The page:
• Pack some extra GF snacks. 

The Transportation Security Administration will let you bring food on the airplane as long as it complies with rule 3-1-1 for liquids in carry-on bags.  Snack items such as  "pretzels, potato chips, dried fruit or other dry goods" are fine as long as they will fit in your carry-on.  However, snack items that are "liquids or gels, like pudding, jello or yogurt, etc.," fall under the 3-1-1 rules for liquids for carry-on bags.  Which means you can bring yogurt or jello in your carry-on "only if they are in containers 3.4 ounces or less; packed in a 1 quart/liter zip-top bag; and 1 zip-top bag per person.  Larger amounts of non-medicinal liquids, gels, and aerosols must be placed in checked baggage."

Finally, "even if an item is generally permitted, it may be subject to additional screening or not allowed through the checkpoint if it triggers an alarm during the screening process, appears to have been tampered with, or poses other security concerns. The final decision rests with TSA on whether to allow any items on the plane."

Lastly, there is an exception to this rule, as "medically required liquids, such as baby formula and food, breast milk and medications are allowed in excess of 3.4 ounces in reasonable quantities for the flight."  However,  "you must tell the Transportation Security Officer that you have medically necessary liquids at the beginning of the screening checkpoint process" and you will subjected to additional security screenings.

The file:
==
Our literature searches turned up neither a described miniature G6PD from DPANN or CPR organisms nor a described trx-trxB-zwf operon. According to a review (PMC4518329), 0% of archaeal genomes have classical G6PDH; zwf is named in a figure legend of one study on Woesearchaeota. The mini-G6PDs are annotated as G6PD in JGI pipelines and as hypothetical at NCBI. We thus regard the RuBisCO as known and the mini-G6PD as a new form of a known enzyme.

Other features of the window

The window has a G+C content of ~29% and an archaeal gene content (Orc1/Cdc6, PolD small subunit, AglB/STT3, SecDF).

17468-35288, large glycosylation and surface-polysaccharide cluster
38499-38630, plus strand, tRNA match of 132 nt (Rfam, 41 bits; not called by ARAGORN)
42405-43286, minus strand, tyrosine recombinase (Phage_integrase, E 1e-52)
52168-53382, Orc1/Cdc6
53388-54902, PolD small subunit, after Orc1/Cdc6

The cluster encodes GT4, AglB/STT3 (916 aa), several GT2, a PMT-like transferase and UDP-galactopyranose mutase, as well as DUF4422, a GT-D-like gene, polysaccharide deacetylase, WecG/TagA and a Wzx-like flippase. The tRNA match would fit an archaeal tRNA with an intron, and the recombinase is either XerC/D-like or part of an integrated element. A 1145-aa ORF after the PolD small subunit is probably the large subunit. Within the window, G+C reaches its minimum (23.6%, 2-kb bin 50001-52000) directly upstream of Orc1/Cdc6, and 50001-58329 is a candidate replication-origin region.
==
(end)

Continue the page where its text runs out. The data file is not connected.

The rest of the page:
So if you really want to bring that yogurt of more than 3.4 ounces and you have a letter from your doctor saying it is medically necessary and you are willing to go through extra security, you and your yogurt may make it through.  Personally, I do not think it would be worth the extra hassle.

Of course, you can always purchase beverages, liquids or gel-based snacks (i.e., yogurt) after the security checkpoint and take them on the plane, as they have been previously screened.

Share What You Learn When You Get Home.

If you found a great gluten free restaurant in places like Shenandoah, Iowa, or elsewhere across the globe, then by all means do not keep the place a secret.  Share it with the rest of us so we can all learn and enjoy from your experience.  I actually started my Blog after our first trip to New York City.  I spent so much time researching where to eat before our trip that it seemed a waste to keep it all a secret.  Send me an email and I will be happy to share your experience or post a review on one of the interactive websites.